The contract establishes a clear line of authority for implementing process-improvement suggestions, which is where many more basic gainsharing arrangements fail, Mallory says.
The management company is, in fact, responsible for all the direct costs of care associated with orthopedics, and it will absorb the losses if costs exceed its management fee, says Dick D'enbeau, president of OrthoExcel. Like Mallory, D'enbeau is not comfortable identifying OrthoExcel's arrangement as gainsharing unless it is clearly understood that the management company acts as a buffer between the physicians and the hospital.
The physicians work under actual job descriptions and document the services they provide. The management company, not the hospital, pays physicians for their consulting services, D'enbeau says.
Mallory and other Grant physicians founded OrthoExcel several years ago to manage Grant's orthopedics department. OrthoLink bought the program in June and is extending it to several other sites.
It is not known how many agreements similar to Grant's exist.
Richard Siehl of the Columbus office of Baker & Hostetler, which set up the Grant relationship, doesn't mind identifying the program as a form of gainsharing as long as the details are understood. The distinction made by Mallory and D'enbeau reflects some of the legal controversies surrounding gainsharing. Other practitioners prefer the term "value-sharing," which they believe better captures the programs' emphasis on reducing costs -- instead of increasing revenues -- and improving quality.
For example, at Grant, quality indicators such as patient satisfaction are routinely measured and reported to the physicians, D'enbeau says. "This is not about getting a little money," he says. "This is about how patients are cared for in the hospital."
Most hospitals already are trying to reduce costs by establishing best practices and standardizing supplies for better prices. Technology vendors often offer consulting services to help them, sometimes in a risk-sharing relationship.
Siehl says the latest deals are "recognition that very little is done in a hospital without a doctors' order."
Doctors considering a facility management agreement similar to Grant's, or another form of gainsharing, must make sure they actually can reduce hospital costs, he says. Among the factors to consider are what proportion of a hospital's procedures they perform and how much data they have on real costs. At Grant, for example, the physicians had a long-standing management agreement, which was restructured to give them full financial responsibility for the department two years ago and then was carried on by OrthoExcel. "You don't want to go in cold," Siehl says.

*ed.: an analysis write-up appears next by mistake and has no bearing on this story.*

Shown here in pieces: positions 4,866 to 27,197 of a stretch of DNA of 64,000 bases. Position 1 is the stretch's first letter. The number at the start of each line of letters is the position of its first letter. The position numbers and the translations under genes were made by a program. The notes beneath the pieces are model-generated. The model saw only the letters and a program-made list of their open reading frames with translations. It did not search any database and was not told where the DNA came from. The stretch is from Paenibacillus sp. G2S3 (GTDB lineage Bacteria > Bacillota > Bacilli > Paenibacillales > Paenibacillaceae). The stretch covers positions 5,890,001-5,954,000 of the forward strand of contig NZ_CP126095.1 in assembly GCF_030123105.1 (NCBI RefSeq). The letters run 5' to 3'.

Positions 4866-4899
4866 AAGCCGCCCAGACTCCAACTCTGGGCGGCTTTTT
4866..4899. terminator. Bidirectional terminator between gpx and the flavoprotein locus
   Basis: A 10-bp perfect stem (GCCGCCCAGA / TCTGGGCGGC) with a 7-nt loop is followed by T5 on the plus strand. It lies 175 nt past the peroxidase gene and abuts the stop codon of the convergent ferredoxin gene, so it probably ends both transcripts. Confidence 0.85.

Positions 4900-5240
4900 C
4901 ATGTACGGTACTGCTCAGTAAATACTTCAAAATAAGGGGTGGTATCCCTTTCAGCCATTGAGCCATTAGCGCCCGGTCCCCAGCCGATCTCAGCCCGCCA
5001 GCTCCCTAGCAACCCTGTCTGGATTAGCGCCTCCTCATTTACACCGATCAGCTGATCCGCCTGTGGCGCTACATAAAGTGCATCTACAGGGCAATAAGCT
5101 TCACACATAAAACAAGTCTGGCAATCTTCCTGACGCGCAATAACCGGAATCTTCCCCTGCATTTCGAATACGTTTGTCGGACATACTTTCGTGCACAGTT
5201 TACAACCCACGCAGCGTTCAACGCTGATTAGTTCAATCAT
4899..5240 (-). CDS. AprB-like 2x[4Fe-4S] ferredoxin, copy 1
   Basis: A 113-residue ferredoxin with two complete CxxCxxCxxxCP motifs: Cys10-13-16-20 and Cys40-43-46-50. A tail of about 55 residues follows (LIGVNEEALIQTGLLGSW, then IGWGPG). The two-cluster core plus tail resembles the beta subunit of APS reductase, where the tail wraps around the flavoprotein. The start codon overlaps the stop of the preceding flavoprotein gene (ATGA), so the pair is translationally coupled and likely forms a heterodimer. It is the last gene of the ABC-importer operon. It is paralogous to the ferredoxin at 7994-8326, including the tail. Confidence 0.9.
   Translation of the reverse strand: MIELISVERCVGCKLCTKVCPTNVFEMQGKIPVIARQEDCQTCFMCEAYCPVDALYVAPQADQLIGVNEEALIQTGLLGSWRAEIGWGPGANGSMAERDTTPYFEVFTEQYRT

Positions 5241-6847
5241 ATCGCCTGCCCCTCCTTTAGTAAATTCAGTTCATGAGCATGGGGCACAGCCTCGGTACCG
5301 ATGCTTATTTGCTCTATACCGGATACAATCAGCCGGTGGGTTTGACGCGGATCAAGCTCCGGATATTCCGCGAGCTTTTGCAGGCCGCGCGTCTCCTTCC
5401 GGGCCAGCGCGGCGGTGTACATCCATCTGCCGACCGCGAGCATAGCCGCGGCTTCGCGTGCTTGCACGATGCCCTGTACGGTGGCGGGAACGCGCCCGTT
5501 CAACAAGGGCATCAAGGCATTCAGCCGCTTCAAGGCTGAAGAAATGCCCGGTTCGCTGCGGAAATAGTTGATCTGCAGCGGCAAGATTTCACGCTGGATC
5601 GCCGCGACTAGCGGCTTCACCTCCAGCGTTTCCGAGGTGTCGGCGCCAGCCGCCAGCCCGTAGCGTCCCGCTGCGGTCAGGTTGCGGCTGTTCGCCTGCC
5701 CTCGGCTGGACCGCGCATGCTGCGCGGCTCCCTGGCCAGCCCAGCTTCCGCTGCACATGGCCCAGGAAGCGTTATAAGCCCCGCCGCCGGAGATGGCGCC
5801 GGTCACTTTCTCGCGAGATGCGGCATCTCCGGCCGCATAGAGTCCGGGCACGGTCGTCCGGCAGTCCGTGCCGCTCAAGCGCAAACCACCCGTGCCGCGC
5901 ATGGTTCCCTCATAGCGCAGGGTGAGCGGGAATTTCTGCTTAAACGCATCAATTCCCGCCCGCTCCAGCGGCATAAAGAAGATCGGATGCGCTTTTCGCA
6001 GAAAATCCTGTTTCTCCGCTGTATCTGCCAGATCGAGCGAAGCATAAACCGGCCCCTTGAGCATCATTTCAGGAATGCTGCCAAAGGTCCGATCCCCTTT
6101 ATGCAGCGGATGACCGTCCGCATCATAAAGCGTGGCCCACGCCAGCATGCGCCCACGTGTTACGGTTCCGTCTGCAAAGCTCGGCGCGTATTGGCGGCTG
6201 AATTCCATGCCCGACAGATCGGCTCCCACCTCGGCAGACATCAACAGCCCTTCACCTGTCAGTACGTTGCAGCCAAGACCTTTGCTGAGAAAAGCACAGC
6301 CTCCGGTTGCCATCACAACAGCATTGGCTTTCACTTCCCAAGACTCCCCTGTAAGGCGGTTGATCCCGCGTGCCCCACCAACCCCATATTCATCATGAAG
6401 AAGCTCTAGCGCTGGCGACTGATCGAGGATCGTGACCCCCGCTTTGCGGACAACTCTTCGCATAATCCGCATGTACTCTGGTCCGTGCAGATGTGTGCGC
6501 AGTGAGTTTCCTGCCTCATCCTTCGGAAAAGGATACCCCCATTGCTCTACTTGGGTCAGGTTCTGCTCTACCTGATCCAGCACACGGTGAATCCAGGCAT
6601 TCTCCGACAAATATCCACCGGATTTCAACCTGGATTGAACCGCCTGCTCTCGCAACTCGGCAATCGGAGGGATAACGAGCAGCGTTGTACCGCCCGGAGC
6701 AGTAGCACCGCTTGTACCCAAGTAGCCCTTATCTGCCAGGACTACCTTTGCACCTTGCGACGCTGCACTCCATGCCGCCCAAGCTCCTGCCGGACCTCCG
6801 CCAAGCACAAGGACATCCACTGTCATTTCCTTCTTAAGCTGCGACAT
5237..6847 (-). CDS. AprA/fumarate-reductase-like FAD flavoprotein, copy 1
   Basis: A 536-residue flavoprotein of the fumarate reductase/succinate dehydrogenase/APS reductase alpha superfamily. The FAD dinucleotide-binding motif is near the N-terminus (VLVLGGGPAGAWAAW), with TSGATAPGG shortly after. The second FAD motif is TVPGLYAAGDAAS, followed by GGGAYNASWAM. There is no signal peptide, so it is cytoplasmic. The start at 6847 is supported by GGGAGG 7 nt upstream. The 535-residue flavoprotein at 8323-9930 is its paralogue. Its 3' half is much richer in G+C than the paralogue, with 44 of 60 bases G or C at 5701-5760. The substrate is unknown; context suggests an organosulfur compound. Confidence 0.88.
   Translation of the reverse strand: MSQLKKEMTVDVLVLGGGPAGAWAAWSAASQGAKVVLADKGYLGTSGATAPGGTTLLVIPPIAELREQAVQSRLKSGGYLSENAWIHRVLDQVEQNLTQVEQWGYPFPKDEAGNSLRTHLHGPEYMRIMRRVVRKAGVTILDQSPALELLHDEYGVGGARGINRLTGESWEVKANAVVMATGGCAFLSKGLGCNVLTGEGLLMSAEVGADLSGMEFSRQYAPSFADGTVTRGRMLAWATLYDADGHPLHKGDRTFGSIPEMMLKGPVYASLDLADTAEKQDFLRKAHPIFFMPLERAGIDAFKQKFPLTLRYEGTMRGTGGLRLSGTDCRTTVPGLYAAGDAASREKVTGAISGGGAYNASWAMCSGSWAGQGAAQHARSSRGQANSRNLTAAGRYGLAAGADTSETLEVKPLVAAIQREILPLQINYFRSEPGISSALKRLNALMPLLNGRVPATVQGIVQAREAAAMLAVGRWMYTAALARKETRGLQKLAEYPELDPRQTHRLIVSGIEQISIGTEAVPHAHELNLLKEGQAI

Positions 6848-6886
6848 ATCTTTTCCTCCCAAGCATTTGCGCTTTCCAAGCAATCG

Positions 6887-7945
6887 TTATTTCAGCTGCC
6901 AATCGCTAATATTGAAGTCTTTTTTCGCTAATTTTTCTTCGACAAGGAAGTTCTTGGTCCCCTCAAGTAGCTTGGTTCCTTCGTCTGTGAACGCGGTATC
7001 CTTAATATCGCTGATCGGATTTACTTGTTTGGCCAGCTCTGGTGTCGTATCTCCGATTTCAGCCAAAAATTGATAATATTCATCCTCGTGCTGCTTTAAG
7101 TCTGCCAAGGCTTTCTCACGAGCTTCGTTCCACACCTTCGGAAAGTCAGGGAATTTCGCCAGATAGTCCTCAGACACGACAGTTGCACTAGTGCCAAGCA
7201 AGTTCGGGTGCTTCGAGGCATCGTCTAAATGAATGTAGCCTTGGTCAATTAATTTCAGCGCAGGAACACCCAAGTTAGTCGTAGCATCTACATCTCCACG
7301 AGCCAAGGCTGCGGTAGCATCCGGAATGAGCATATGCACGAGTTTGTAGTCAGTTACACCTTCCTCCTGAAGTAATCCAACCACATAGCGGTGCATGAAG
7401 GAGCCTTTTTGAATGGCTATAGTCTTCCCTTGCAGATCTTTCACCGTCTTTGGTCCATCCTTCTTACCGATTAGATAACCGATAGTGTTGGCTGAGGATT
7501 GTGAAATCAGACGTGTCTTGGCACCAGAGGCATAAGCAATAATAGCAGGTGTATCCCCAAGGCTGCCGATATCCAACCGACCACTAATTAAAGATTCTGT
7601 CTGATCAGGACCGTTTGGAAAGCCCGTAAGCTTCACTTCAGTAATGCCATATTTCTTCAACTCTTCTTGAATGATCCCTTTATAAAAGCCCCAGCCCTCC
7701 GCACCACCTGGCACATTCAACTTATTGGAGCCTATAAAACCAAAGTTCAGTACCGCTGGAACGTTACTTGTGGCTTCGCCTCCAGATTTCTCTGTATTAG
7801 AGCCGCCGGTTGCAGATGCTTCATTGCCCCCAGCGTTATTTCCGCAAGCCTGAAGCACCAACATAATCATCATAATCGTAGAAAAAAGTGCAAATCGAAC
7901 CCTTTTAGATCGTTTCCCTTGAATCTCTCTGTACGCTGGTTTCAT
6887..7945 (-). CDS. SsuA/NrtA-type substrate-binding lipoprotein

Legally, the first areas to review are Stark I and Stark II, which govern physician relationships with organizations in which they have a financial stake, Siehl says. The Stark laws outline the types of deals considered OK under the law. Next, state and federal fraud-and-abuse laws, which aren't so clear-cut, must be reviewed.
At Grant, Siehl says key legal protections include:
Siehl says the IRS has reviewed the Grant arrangement and did not have questions, as far as he knows. "This is not some wild-eyed experiment," he says. Still, he warns, "you don't do this at home," meaning doctors should seek qualified legal advice and proceed cautiously.
Meanwhile, Grant's corporate parent, Columbus-based Ohio Health System, is preparing a gainsharing pilot separate from the OrthoExcel arrangement. The program, which is expected to begin shortly, will cover orthopedics at the system's other Columbus hospital, Riverside Methodist, and cardiology at both facilities. The program does not involve a management company as an intermediary, and the hospital will carry out doctors' process-improvement recommendations.
The health system selected orthopedics and cardiology because HCFA has tested different payment methods for those services and seems comfortable with experiments there, says Stephen Baez, associate medical director for quality at Riverside Methodist. If the pilot appears successful after three to six months, Baez says he hopes it can be expanded to other areas.
Under the pilot, Riverside and Grant will track reductions in costs per case for individual physicians. At the end of a year, physicians enrolled in the pilot will get an undetermined percentage of the gains, reflecting their participation in process-improvement efforts and their reductions in per-case costs.
Regrettably, physicians who are already comparatively efficient will benefit less, but the health system decided a variable gainsharing rate would be unworkable, Baez says.
Improving quality is the main goal, he says. In each area, four to six quality measures, such as readmission rates and patient satisfaction, will be tracked. Process-improvement teams are in place to carry out physician recommendations. "The hospital knows and understands it cannot achieve true process improvement without buy-in and leadership from physicians," Baez says. "Historically, (such efforts) have been voluntary, and the physician has participated mightily."
But as managed care puts more pressure on their incomes, why should physicians come together and "do the hard work of deciding we're going to use these two or three vendors" just to lower the hospital's costs? Baez asks. He says it's not fair to ask physicians to work for free.
Adds Mallory, the Grant orthopedist: "We don't do that in any other economy. Why do we expect physicians to go to the hospital (with their ideas) without being compensated for the professional experience and insights they contribute?"
Lisa Scott is a Chicago-based freelance writer who focuses on healthcare business.